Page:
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IDA Risk Disclosure

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Risk Disclosure Statement for Futures and Options
This brief statement does not disclose all of the risks and other significant aspects of trading in futures and
options. In light of the risks, you should undertake such transactions only if you understand the nature of the
contracts (and contractual relationships) into which you are entering and the extent of your exposure to risk.
Trading in futures and options is not suitable for many members of the public. You should carefully consider
whether trading is, appropriate for you in light of your experience, objectives, financial resources and other
relevant circumstances.
1. Effect of "Leverage" or "Gearing'
Transactions in futures carry a high degree of risk. The amount of initial margin is small relative to the value of
the futures contract so that transactions are "leveraged" or "geared". A relatively small market movement will
have a proportionately larger impact on the funds you have deposited or will have to deposit: this may work
against you as well as for you. You may sustain a total loss of initial margin funds and any additional funds
deposited with the firm to maintain your position. If the market moves against your position or margin levels
are increased, you may be called upon to pay substantial additional funds on short notice to maintain your
position. If you fail to comply with a request for additional funds within the time prescribed, your position may
be liquidated at a loss and you will be liable for any resulting deficit.
2. Risk-reducing Orders or Strategies.
The placing of certain orders (e.g. "stop-loss" order, where permitted under local law, or "stop-limit" orders)
which are intended to limit losses to certain amounts may not be effective because market conditions may make
it impossible to execute such orders. Strategies using combinations of positions, such as "spread" and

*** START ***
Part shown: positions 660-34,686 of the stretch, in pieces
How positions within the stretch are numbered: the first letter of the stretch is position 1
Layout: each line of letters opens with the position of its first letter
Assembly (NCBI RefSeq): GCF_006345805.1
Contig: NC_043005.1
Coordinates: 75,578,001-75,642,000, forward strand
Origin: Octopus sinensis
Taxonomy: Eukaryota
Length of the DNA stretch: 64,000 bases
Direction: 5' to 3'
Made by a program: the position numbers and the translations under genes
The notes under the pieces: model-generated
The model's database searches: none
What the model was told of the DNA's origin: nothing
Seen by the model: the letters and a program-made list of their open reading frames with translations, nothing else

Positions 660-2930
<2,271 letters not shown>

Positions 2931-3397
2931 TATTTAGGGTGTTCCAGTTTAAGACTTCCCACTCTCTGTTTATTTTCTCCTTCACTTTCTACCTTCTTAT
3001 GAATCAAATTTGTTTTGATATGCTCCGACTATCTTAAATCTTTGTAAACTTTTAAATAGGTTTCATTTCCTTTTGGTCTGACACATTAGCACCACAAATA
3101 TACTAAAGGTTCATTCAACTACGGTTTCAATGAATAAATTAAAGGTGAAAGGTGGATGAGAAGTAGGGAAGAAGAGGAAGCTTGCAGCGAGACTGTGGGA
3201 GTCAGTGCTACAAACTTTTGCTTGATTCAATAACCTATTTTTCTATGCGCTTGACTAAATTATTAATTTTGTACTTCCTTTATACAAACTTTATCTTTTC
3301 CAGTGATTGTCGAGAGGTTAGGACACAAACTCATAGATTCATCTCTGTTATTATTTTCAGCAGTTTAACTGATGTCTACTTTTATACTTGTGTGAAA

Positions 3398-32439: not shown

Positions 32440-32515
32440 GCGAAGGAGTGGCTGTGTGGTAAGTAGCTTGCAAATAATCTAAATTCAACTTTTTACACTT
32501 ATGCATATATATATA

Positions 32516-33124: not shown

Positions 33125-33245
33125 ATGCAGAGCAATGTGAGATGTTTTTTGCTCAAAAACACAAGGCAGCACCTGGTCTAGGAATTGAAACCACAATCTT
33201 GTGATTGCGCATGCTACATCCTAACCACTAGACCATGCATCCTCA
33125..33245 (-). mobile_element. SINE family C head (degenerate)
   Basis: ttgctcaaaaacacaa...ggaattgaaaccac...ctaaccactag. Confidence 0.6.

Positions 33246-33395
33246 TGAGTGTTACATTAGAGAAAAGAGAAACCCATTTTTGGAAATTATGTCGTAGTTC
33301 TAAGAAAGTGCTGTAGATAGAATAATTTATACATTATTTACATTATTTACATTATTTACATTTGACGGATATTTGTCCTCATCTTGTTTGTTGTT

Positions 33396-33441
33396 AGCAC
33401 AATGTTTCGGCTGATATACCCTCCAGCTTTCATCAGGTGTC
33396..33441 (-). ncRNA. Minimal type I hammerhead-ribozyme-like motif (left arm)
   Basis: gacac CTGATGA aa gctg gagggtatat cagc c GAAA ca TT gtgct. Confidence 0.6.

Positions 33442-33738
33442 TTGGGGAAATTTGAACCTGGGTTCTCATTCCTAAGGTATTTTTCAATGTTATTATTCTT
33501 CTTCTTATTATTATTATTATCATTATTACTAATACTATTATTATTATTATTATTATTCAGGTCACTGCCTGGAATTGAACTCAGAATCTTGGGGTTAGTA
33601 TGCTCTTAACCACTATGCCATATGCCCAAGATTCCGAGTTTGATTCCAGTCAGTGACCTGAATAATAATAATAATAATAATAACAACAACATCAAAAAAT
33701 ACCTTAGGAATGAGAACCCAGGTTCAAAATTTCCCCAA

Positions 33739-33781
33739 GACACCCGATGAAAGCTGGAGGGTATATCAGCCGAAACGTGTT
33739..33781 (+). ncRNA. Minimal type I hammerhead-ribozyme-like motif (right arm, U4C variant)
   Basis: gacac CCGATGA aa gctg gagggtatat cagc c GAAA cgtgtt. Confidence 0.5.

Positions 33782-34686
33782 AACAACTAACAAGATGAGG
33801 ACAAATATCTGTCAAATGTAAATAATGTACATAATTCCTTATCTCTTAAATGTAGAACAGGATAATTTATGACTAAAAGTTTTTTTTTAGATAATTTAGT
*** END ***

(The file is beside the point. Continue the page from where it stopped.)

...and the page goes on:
"straddle" positions may be as risky as taking simple "long" or "short" positions.
3. Variable Degree of Risk
Transactions in options carry a high degree of risk. Purchasers and sellers of options should familiarize
themselves with the type of option (i.e. put or call) which they contemplate trading and the associated risks. You
should calculate the extent to which the value of the options must increase for your position to become
profitable, taking into account the premium and all transaction costs.
The purchaser of options may offset or exercise the options or allow the options to expire. The exercise of an
option results either in a cash settlement or in the purchaser acquiring or delivering the underlying interest. If
the option is on a future, the purchaser will acquire a futures position with associated liabilities for margin (see
the section on Futures above). If the purchased options expire worthless, you will suffer a total loss of your
investment which will consist of the option premium plus transaction costs. If you are contemplating
purchasing deep-out-of-the-money options, you should be aware that the chance of such options becoming
profitable ordinarily is remote.
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Selling ("writing" or "granting") an option generally entails considerably greater risk than purchasing options.